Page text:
What Does Calling A Domestic Violence Hotline Do?
By Sarah Fader
Updated January 01, 2019
Domestic violence is a tricky situation. Many people make excuses for the person abusing them so that they don't have to admit what is happening. Their denial not only keeps them in the situation but also prevents them getting help as many abusers will never be apprehended without the abuse victim standing up to them.
Sometimes, they don't know who to talk to, or the people concerned about don't either without involving the police which may make the situation worse. About 60% of the callers to the national hotline are first-time callers.
Domestic Violence hotlines allow anyone to call and discuss their concerns. You may not be the person getting abused, you may even be the abuser, or you may need to get some advice about someone who is being abused. They are always free, and they are always anonymous unless you want to give them names. These hotlines are open 24 hours a day, every day including holidays. The number for the national domestic violence hotline is 1-800-799-SAFE(7233). There is also a dedicated hotline for teen victims of domestic violence called Love Is Respect at 1-866-331-9474 that also has an online chat feature and a text line.
Are You Safe To Talk?
The first question most hotlines will ask is are you safe. This is very important because often the abuser will be triggered by the victim reaching out. If the person is not safe, they usually advise them to call 911 instead of or to call back when the abuser is not there. Most abusive situations are power related which shows up as a control. The abusive partner wants to control their victim and will either act in anger to get that control or potentially lash out if they think they're losing control. It's a good idea to delete the number or the web history if you're in this situation after calling.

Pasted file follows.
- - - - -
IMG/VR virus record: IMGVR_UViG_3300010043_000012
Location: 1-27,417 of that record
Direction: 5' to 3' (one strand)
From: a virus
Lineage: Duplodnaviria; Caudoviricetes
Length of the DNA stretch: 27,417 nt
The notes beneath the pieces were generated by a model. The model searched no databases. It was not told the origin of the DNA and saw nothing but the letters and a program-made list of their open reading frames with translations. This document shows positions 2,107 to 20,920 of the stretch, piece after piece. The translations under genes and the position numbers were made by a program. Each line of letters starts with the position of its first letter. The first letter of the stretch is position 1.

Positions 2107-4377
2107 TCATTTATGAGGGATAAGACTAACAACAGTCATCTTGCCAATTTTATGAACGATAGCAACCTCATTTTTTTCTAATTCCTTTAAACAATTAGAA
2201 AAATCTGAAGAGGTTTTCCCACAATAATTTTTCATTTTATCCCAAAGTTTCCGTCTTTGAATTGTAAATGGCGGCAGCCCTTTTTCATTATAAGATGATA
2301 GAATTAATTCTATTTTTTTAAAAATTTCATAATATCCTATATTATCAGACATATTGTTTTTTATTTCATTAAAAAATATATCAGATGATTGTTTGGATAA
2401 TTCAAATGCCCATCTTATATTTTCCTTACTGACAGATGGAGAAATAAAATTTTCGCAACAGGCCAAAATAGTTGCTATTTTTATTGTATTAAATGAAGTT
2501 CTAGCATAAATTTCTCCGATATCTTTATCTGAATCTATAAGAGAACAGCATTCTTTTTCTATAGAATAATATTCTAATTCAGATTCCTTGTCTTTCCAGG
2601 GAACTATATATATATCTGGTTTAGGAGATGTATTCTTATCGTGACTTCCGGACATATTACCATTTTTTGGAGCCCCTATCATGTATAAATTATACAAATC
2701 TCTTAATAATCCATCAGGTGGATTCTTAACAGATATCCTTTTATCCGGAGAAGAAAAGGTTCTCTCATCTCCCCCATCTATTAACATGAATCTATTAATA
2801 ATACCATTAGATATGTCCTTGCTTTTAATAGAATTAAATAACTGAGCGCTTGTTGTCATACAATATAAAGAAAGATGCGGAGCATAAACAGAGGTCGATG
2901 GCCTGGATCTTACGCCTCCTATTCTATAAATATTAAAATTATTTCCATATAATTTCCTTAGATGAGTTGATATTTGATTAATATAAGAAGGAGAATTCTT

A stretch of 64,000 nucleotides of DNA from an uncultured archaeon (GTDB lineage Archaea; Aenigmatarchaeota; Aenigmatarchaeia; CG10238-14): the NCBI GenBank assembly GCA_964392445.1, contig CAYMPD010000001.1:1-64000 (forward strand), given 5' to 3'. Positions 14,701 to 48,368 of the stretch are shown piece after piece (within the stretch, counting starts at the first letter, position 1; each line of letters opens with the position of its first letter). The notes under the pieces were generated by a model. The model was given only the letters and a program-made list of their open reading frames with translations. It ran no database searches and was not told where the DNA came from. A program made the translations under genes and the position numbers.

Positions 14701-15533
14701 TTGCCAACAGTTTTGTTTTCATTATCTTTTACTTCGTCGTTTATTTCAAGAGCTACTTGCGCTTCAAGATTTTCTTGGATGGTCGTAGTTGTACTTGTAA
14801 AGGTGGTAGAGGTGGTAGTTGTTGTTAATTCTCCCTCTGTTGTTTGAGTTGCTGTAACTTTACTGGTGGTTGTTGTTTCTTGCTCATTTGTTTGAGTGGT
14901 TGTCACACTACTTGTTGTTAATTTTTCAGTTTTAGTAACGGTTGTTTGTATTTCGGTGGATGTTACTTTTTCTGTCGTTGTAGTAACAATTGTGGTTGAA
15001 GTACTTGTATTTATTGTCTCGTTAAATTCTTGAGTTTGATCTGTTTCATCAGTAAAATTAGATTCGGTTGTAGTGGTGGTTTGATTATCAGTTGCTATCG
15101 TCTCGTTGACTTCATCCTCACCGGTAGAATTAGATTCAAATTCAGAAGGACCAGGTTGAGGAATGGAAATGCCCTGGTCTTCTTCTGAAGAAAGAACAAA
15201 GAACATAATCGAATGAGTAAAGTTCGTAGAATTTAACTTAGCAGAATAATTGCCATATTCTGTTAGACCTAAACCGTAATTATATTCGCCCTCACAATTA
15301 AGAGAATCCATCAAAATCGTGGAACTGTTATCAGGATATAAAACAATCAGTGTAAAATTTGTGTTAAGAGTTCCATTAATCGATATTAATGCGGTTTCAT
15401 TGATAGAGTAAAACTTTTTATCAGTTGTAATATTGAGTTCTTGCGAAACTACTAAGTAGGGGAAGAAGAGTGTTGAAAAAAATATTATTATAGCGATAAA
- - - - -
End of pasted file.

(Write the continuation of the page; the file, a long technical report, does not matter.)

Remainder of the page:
Once you've cleared whether it's safe to talk an advocate will want to know about the situation. You can choose to give specific details like names or stick with vague terms. You might want to discuss a recent event or something that gives a timeline that has led you to call. They will ask you what steps you've taken or that you're ready to take to help you figure out what is the best option.
Part of calling a domestic violence hotline is figuring things out with someone who listens and has experience with similar situations. The counselor won't give you advice or specific directions on what you should do but will help you talk about your options so you can make an informed decision on your own.
Counselors will also ask if you're taking care of yourself. Abusive relationships can be taxing in many ways, and even little things like a bath or a nice breakfast can help make you feel better about the situation so that you're strong enough to take the next step. They may suggest simple things like self-care if you've been feeling depressed as even a little grooming can make you feel better.